But implementing a cap-and-trade policy, while critical, is not all we need to do.  We need a wider range of policies.  We need to invest in research to develop some of the most critical, long-term, climate-friendly technologies.  And we need policies to ensure that technologies that reduce emissions can gain a solid foothold in the marketplace. 

And then there are policies aimed at specific sectors of the economy.   For example, governments around the world have adopted more stringent policies than the United States to reduce tailpipe greenhouse gas emissions and/or increase the fuel economy of cars and trucks.     Even China has higher standards than we do.  If all of these countries are doing this and we aren’t, that says to me that it’s possible—that, despite the automobile companies’ resistance, technologies exist to reduce emissions from this sector.  And by adopting tougher but reasonable standards, we can hasten the rollout of cost-effective, commercially available technology to reduce vehicle emissions.       

It is also going to take international policies.   This, too, is not in question.  Climate change is a global problem requiring global action.  Even if we were to get smarter about reducing the United States’ contribution to climate change, global energy use will continue to surge and climate change will remain a significant threat.  We cannot protect the climate without a global framework that enlists all countries to do their part to reduce emissions, and that provides poorer countries with the support they need to do so.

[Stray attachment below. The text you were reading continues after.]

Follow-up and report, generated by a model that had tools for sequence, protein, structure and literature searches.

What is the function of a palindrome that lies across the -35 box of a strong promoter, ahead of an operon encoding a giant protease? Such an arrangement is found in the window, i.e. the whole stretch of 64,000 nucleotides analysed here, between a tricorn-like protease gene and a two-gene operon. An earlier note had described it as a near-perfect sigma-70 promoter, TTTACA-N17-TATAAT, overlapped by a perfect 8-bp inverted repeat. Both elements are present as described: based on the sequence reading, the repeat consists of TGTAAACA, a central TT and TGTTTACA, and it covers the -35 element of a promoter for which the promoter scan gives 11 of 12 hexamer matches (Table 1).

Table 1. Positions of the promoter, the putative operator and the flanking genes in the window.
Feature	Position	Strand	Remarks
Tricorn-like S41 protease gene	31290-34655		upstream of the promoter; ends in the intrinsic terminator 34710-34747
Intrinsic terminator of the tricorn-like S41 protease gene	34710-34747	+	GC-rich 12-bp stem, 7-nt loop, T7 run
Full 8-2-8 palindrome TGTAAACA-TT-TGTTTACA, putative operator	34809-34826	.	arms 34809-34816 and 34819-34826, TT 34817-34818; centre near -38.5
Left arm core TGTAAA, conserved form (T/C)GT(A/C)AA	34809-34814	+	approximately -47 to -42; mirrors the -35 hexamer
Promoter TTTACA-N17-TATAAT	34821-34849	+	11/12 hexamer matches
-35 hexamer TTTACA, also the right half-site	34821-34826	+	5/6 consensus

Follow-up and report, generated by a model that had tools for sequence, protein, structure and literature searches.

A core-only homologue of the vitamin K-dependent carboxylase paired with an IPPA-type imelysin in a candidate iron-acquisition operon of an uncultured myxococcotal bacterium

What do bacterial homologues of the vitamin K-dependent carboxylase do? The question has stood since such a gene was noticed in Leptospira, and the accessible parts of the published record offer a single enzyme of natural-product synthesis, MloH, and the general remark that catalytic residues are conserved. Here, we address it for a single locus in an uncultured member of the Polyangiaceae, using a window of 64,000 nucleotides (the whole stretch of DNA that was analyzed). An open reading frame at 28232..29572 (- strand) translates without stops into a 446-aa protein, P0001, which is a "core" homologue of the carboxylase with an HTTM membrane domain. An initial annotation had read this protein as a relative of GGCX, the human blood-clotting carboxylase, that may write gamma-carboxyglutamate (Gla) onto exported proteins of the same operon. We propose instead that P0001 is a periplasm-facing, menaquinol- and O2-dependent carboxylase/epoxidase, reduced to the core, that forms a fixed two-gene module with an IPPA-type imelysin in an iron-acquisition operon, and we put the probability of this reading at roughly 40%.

And, in fact, a number of countries around the world already are taking action on this issue, which is another factor that has changed the political landscape here in the United States.   The European Union, for example, has adopted its own emissions trading scheme.  And countries like the United Kingdom have embraced ambitious goals for reducing their emissions and developing low-carbon energy sources.